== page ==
Introducing Dr. Kate Land, Kaiser Permanente pediatrician, engaged parent and voice for healthy kids
Back in November, the Thriving Schools blog shared the PTA perspective on this important question, offering up valuable insights from Heather Parker and Sherri Wilson of the National PTA. Parker and Wilson shared their thoughts on the vital importance of parent and family engagement in creating a link between healthy habits at home and health in schools.
“Healthy lifestyles outside the classroom create success in the classroom. It is important to support students’ success, advocate for every child and make sure that their basic health needs are being met.” ~ Healther Parker, senior manager, health and safety, National PTA.
To bring another perspective on this subject, we are pleased to introduce Dr. Kate Land, Kaiser Permanente pediatrician and Chief of the Department of Patient Education for the Napa and Solano facilities of Northern California.
Dr. Land not only brings a wealth of knowledge around pediatric health. She is also a mother of 3 children, an active blogger and tweeter around topics of family and pediatric health.
We asked Dr. Land about her perspectives on health in the home as it relates to creating a culture of health in schools.
Thriving Schools: It’s been said that healthy schools begin with healthy lifestyles at home. How have you seen this connection play out in your family?
Kate Land: I completely agree. Sending the kids off into the school day with a healthy foundation allows them to thrive at school. Enough sleep, solid nutrition and emotional support give them the best chance of academic, athletic and social success. Families don’t always have the resources or education to provide these elements. That’s one reason why I enjoy partnering with parents to help them understand the basics of how a healthy lifestyle at home will lay the foundation for their kids to have a healthy start to the day.
TS: You have stated that you believe strongly in family dinner times. What do you see as the value of this “ritual”?
KL: It’s clear to me that a healthy foundation of nutrition and rest is just the start. A truly successful partnership between parent and school also requires communication between parent, child and teacher. But this does not always come easily. Ever tried getting a 7th-grade boy to tell you about his school day?
One of the best ways to build a connection is at the dinner table. There, with a few tricks, the conversation can flow and communication can reveal all sorts of information and insight. For example, my family likes to play “2 true, 1 false.” In this game, each person tells the others three things that happened that day – one of those happenings is made up. The rest of us have to guess which of the happenings actually took place. Without noticing, the kids open up a conversation about their school day and I get to ask and learn more.
TS: What tips can you offer to parents to help them support a culture of health at home that might strengthen how their kids perform during the school day?
KL: I’m guessing my kids might call me “strict.” They go to bed at a fairly scheduled hour and wake up with enough time to sit down to eat breakfast in the morning. I am up with them and give them a solid breakfast. Breakfast is such a critical meal to have to start the day off right! I also have the kids make their own lunches (with the rule that each lunch has a fruit, a veggie, water and some form of protein). We eat dinner together at the dinner table as often as possible.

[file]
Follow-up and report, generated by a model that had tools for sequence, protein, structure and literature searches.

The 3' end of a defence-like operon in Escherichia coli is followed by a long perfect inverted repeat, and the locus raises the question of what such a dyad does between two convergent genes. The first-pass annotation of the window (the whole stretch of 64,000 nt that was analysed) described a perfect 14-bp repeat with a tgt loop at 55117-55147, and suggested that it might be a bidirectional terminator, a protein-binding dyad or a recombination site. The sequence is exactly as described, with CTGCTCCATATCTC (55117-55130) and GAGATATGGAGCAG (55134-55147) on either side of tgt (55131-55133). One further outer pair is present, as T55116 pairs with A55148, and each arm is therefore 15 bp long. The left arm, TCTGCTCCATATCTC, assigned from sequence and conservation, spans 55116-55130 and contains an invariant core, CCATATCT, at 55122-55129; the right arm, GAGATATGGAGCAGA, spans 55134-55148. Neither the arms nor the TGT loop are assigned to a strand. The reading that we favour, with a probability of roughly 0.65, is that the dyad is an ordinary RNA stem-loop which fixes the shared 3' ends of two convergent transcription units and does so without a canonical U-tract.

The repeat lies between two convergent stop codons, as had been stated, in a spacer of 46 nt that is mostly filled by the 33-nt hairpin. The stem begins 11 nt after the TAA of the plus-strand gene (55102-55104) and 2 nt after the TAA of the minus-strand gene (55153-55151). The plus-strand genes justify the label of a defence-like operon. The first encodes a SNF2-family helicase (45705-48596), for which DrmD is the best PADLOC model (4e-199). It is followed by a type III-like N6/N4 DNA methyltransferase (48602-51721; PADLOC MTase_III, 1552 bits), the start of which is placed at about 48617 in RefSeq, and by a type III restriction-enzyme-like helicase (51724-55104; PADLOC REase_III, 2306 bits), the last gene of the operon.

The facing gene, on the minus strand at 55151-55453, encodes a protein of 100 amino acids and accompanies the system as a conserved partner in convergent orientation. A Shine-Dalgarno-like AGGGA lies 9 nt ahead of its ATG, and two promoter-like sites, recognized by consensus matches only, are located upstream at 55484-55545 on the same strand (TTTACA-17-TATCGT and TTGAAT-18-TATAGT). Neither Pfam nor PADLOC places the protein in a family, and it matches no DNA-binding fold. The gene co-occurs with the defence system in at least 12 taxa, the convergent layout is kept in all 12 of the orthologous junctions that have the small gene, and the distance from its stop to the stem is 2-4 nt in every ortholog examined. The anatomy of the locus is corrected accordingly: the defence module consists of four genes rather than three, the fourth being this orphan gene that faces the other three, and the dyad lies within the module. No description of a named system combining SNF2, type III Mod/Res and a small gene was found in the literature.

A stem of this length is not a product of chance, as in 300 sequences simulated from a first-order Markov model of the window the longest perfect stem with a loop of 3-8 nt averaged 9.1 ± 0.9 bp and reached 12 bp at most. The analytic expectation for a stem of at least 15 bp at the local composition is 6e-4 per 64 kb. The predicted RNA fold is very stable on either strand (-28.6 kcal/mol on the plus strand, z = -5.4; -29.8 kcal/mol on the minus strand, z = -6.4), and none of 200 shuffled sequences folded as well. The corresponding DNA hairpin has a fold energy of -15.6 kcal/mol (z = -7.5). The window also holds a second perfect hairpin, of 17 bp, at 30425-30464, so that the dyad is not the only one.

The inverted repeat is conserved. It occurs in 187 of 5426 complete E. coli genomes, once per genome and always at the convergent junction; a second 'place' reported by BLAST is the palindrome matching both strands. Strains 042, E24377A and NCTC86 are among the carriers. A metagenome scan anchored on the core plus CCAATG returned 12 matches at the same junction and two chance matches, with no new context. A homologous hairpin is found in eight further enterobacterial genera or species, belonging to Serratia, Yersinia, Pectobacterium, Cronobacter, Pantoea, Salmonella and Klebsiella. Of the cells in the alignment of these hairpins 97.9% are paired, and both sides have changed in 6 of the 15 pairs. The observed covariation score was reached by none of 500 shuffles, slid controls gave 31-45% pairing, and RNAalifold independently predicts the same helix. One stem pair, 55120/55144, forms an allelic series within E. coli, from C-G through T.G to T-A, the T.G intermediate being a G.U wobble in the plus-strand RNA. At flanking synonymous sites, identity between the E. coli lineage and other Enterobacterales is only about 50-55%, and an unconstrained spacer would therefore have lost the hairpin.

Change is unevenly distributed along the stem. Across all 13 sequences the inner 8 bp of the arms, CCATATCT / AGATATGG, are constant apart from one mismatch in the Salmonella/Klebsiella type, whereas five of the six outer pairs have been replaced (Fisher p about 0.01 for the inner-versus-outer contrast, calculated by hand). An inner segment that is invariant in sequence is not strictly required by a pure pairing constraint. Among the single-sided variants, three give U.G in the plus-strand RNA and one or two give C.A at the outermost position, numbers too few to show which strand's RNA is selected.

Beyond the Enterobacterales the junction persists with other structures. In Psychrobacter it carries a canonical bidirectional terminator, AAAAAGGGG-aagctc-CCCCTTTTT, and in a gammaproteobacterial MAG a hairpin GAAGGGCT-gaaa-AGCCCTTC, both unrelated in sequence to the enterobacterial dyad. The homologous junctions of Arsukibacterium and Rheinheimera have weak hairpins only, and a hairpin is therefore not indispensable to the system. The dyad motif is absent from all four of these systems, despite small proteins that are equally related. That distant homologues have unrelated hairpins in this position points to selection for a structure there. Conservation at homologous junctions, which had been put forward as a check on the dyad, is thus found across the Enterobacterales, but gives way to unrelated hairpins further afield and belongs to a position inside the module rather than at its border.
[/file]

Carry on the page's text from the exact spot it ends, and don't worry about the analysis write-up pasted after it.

Now, these meals do not have to be complicated or difficult to prepare, but they do have to be healthy with the basics of nutrition covered. I think many parents want to provide healthy choices but aren’t really sure what counts as healthy. Or they feel that making things healthy is harder. I like to work to dispel those myths by talking with parents and writing articles for them to read that inspire them.
Often parents need to be given permission to play a tougher role when feeding their kids. For example, I often tell parents that they have a “job” when feeding their kids and, the kids have a separate “job.” Parents choose what foods to buy and to offer at meals. The kids choose which and how much to eat. Grown ups often over-estimate kids’ serving sizes!
Kids often need to see a new food item many, many times before being willing to adopt it into their diets. So for example, parents should just keep putting one piece of broccoli onto the plate until eventually one night it is tasted!
TS: You are a busy pediatrician and a parent of 3 kids, ages 12, 14 and 17! What advice do you have for other busy parents to support them in making time with their families?
KL: That is hard to answer. I feel as stretched as most parents – it is a hard juggle! For me success seems to come when I am clear with my priorities, when I can see what matters most to me and to my family.
My kids play loads of sports, instruments and often work part-time jobs. But downtime is very important for all of us. So there are many times when we say no to opportunities. Also, when my three ask to do something with me – play a game, watch a show, cook something – I try to say yes and put aside whatever had been on my own agenda. They grow so fast that it is important to me to take advantage of chances to do things together. As a result, my house is messy (really, you’d be fair to call it dirty), my laundry is piled up and I order a lot of pizza (with plenty of veggies and whole wheat crust, of course)! This feels like a small price to pay for the ability to spend time bonding with my kids.
We look forward to sharing more of Dr. Land’s perspectives in future blog posts. You can follow her journey further on twitter @KPKiddoc.